Danny Rosenbloom

Daniel Rosenbloom
Ph.D Candidate

Carleton University

My name is Bruno and I’m a postdoctoral fellow in the group of Michel Côté  at the University of Montréal. Our group focuses on developing “beyond ab initio” numerical methods in order to model organic molecules, polymers and interfaces for applications in organic photovoltaics.

Organic materials offer great promises for photovoltaic applications, mainly because they would be very cheap to produce. Indeed, we are constantly surrounded by plastics of various kinds, so there already exists a large chemical industry that can handle vats of the stuff. Wouldn’t it be great if you could just buy 100 square meters of rolled up photovoltaic plastic films at a local hardware store, unfurl it on the roof at home and get some of the Sun’s sweet power for (almost) free?

Well that’s still science fiction at this point but our group’s goal is to help make it happen. There are very many possible organic compounds and polymers,and exponentially more possible combinations which could do the trick. It’s like looking for a needle in a haystack, really. My colleagues in organic chemistry tell me it takes a student one year to create a new compound; that’s a lot of resources lost if the compound turns out to be a dud. Chemists of course have great intuition, and can discard some unlikely candidates right away. However, it is not always so obvious from the start whether a given molecule will have all the right properties for photovoltaic applications; that’s where we come in.

It is much cheaper to simulate numerically the properties of a new candidate molecule than to actually cook it in the lab and then measure its properties. The theory behind those models isn’t perfect of course, and experimental measurements have the last word, but efficient simulation tools can allow us to scan large databases of candidates and discard the crazies, leaving only probable candidates for further investigation. The rub lies in having an algorithm which is precise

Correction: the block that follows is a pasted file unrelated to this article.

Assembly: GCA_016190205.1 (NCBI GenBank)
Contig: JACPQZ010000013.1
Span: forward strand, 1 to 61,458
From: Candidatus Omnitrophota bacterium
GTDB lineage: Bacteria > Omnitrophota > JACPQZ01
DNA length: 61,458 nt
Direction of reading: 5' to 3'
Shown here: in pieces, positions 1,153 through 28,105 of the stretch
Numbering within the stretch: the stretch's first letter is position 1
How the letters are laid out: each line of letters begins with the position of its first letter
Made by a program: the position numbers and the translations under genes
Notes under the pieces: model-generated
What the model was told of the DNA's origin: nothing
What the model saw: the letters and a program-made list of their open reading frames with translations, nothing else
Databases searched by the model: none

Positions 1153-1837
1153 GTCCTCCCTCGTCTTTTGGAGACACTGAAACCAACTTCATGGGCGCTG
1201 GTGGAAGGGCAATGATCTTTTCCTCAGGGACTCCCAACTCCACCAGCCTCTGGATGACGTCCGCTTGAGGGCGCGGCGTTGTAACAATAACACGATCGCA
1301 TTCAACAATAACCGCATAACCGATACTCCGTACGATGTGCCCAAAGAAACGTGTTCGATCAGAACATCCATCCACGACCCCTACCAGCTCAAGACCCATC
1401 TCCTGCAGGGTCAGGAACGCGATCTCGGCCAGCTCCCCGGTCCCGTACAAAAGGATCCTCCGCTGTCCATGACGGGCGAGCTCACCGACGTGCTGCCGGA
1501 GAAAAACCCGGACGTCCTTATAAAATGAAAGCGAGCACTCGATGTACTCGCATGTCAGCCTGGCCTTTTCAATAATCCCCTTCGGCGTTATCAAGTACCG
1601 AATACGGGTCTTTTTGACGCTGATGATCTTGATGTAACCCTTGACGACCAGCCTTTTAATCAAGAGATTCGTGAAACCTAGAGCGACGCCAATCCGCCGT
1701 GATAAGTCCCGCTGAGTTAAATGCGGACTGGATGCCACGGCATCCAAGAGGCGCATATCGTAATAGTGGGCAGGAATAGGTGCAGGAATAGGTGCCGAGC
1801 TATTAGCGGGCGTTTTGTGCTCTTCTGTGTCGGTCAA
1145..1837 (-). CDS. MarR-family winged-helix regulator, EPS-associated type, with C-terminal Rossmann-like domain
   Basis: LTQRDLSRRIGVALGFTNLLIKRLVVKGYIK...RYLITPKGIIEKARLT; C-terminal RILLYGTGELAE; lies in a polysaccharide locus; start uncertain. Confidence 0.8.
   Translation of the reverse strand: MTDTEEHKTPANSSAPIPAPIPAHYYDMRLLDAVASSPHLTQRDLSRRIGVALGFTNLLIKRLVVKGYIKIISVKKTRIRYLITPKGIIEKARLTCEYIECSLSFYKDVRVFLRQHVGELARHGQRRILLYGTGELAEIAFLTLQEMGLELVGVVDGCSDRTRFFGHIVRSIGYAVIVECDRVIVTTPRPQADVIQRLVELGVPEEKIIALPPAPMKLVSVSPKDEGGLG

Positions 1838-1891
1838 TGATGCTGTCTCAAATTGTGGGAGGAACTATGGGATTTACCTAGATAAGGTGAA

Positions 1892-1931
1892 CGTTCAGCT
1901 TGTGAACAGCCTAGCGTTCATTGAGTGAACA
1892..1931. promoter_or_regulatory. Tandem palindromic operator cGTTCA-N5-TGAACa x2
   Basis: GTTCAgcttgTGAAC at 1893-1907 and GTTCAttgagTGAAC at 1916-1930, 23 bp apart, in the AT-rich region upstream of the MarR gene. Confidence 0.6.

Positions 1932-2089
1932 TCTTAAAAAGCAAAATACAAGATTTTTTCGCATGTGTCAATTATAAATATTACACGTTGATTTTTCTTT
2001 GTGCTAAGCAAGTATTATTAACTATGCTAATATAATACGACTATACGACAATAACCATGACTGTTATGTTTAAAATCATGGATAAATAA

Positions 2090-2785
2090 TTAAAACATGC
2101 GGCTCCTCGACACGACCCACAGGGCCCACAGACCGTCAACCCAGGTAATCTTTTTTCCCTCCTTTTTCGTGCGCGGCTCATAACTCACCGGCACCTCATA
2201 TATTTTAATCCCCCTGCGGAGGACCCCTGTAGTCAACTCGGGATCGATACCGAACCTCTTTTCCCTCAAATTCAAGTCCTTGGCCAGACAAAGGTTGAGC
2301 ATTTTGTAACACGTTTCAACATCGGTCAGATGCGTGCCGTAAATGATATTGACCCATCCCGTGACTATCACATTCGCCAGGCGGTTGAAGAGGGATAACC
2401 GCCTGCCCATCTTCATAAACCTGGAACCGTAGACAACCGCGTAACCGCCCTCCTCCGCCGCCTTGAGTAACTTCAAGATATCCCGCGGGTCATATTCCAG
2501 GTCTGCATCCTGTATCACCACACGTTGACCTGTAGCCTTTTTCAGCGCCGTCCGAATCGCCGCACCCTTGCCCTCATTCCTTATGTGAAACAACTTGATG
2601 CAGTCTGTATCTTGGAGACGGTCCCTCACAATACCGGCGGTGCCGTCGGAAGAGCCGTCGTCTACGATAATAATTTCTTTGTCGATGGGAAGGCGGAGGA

enough to be useful, but runs fast enough so we can simulate those large organic molecules! We have been working hard on developing such a method, and we hope
to produce exciting results soon!

Colleagues and I visited the group of Professor Holdcroft at Simon Fraser in Vancouver at the beginning of April (see our photojournal of the trip here ). From our very engaging discussions with Professor Holdcroft and his students emerged a fact well known to experimentalists, but perhaps sometimes glossed over by ab initio-ists such as myself: morphology is critical to good performance! Indeed, photovoltaic devices rely on bulk heterojunctions to harvest the Sun’s energy: an electron donor compound is mixed with an electron acceptor (often PCBM), forming an intricate network of domains at whose interfaces excitons must dissociate and through which charge carriers must percolate. Obviously the shape, size and orientations of these domains will affect device performance greatly, and knowing the energy levels of single molecules are not sufficient to fully characterize the performance one can hope to reach with a given device. Furthermore, the ideal material should self-assemble to the optimal geometry without excessive human intervention; the more complicated the steps that are needed, the higher the cost of the final product!

Therein lies a bit of a terra incognita for me. I think we can do a great job at predicting the properties of a single molecule or polymer, but how can we scale up our modeling, and use the appropriate microscopic information to predict the behavior of mesoscopic (or even macroscopic) devices? This is a topic I want to know more about! Thanks for reading, and it was great to see you all in Hamilton at the 2013 Next Generation Solar conference!

Bruno Rousseau

-Bruno Rousseau

Postdoctoral Fellow

Department of Physics, University of Montreal